Agatha H. and the Airship City (the novel) is a second look at the Agatha Heterodyne "Girl Genius" story now being developed in the authors' graphic novels, the most recent two of which have won the Hugo for Best Graphic Story. As such, it should be taken as a secondary source.
This volume covers the story we met in the first three volumes of the graphic story: Agatha Heterodyne and the Beetleburg Clank, Agatha Heterodyne and the Airship City, and Agatha Heterodyne and the Monster Engine.
Phil Foglio has stated in interviews that one part of the Girl Genius story is what happens to legends over time. The legends about Agatha's parents and uncle have grown with time; should we not expect the same of the legends about Agatha? In fact, there are some details changed and snippets of story added. A prologue tantalizes with glimpses of history and historical characters and perturbs the historical timeline developed by fans, hinting at clues or vital constraints. Other changes deepen and richen the character development without, so far as I can tell, damaging the story. We learn a few new things and are reminded of some old ones. Some lines of fan speculation are cut off, leaving us to focus on better questions.
The Girl Genius story is all about the backstory. Bit by bit through the graphic novels we've gotten history, found questions in it, and gotten answers that have provided fascinating and bigger questions. That essential story dimension does not change.
The Foglio humor still glows. Much of it revolves around the Jaegermonsters. If you are a fan, you probably know that the Jaegermonsters were a late addition; Phil was already drawing the comic books in which the first part of the story appeared when they were invented. By now they are deeply woven through both story and backstory. Among their narrative duties, they serve as clowns whose antics conceal both foreshadowing and backstory. A few new incidents near the start of the novel had me laughing out loud. (Clowns or not, they are capable of noble action and sacrifice.)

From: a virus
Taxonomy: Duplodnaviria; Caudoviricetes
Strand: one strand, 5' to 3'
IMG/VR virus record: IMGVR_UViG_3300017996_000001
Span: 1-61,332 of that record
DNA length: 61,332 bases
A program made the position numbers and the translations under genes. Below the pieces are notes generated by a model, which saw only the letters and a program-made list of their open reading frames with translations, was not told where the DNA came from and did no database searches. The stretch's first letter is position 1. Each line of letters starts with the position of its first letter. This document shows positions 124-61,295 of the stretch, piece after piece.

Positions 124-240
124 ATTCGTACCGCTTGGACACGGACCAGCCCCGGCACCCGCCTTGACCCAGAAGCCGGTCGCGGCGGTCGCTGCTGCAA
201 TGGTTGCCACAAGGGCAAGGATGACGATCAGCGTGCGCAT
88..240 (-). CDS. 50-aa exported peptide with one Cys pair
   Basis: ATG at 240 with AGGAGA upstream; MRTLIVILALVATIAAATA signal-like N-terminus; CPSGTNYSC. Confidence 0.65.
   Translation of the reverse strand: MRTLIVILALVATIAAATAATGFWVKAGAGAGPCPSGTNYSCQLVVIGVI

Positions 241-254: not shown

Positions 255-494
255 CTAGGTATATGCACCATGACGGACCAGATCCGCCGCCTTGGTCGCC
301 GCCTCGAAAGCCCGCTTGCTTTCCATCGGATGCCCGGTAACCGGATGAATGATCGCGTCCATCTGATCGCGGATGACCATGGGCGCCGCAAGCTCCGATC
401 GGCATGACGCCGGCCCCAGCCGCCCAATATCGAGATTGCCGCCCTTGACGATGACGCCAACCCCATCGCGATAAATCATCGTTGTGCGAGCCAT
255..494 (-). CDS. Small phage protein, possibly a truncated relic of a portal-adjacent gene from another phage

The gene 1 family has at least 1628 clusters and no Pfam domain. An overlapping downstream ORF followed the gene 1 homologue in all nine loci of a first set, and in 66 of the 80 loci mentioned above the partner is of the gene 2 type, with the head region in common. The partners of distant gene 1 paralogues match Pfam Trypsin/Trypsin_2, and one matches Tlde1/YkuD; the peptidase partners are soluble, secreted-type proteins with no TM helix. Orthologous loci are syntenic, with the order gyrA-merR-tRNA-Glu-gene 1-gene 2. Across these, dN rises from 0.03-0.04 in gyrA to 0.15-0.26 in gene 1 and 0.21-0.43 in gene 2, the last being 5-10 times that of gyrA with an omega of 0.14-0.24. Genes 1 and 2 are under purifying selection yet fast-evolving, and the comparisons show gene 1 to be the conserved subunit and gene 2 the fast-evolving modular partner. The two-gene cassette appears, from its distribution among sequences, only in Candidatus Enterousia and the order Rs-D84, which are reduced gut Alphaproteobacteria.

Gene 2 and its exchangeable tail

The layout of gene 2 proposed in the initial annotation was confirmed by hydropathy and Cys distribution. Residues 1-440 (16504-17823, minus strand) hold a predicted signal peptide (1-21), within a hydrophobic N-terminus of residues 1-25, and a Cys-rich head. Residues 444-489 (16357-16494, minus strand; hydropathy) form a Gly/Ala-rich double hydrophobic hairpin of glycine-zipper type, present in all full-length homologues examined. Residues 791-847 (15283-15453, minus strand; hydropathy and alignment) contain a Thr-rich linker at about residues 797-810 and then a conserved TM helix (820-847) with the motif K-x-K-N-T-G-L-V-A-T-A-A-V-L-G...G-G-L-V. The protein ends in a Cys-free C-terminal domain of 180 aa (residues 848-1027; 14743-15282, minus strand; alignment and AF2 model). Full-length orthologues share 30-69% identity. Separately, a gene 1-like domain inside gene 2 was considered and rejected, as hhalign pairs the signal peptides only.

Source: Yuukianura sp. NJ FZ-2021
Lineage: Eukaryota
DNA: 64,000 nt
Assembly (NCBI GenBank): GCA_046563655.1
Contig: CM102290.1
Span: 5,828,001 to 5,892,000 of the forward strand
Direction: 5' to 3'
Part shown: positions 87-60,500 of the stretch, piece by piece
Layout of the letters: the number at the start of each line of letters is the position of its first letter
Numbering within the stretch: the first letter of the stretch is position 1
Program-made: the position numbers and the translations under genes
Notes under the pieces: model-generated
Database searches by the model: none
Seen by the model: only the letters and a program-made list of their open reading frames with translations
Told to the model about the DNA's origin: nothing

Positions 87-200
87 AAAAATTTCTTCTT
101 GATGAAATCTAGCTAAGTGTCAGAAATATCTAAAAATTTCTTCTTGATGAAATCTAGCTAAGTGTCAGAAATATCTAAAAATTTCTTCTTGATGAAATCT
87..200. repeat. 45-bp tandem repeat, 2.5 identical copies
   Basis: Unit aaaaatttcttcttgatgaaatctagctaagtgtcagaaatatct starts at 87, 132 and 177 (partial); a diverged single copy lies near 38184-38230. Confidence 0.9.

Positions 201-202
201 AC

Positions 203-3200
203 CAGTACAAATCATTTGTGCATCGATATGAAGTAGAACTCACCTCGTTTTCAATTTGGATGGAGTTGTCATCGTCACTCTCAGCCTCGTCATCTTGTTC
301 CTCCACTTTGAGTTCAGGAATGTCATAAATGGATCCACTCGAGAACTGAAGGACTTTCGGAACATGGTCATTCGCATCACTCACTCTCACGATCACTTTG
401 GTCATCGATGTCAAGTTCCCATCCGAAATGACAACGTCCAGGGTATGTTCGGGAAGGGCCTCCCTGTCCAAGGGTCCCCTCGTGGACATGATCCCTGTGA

Is this as good a novel as the graphic story is a graphic story? No, it is not. That's not bad news: the graphic story's artwork, pacing, and working out of story details are so good that it would be a wonder if the novel could match it. The most apparent weakness is that details of the milieu that can be background in graphic form must be explained, and sometimes the explanation pauses the story for detail that might better be given elsewhere. This is a matter of technique and a basic problem for all SF&F writing, and unless the Foglios choose not to improve (for the sake of style, perhaps) they surely will.
It is possible that writing this novel required the Foglios to make another pass over their story notes. The overall plot and the key characters were written before the first published page was drawn, promising a tightly woven story. Phil and Kaja Foglio have delivered magnificently on that promise. This novel may help them continue to do so.
If you want the primary source for the Girl Genius story, continue to buy the graphic novels and read the eponymous web site. That's what they are for. If you are already a fan of the story, or cannot bear the long graphic form, then buy this book. But if you skip the graphic novels, you are missing an awful lot of richness, depth, and fun.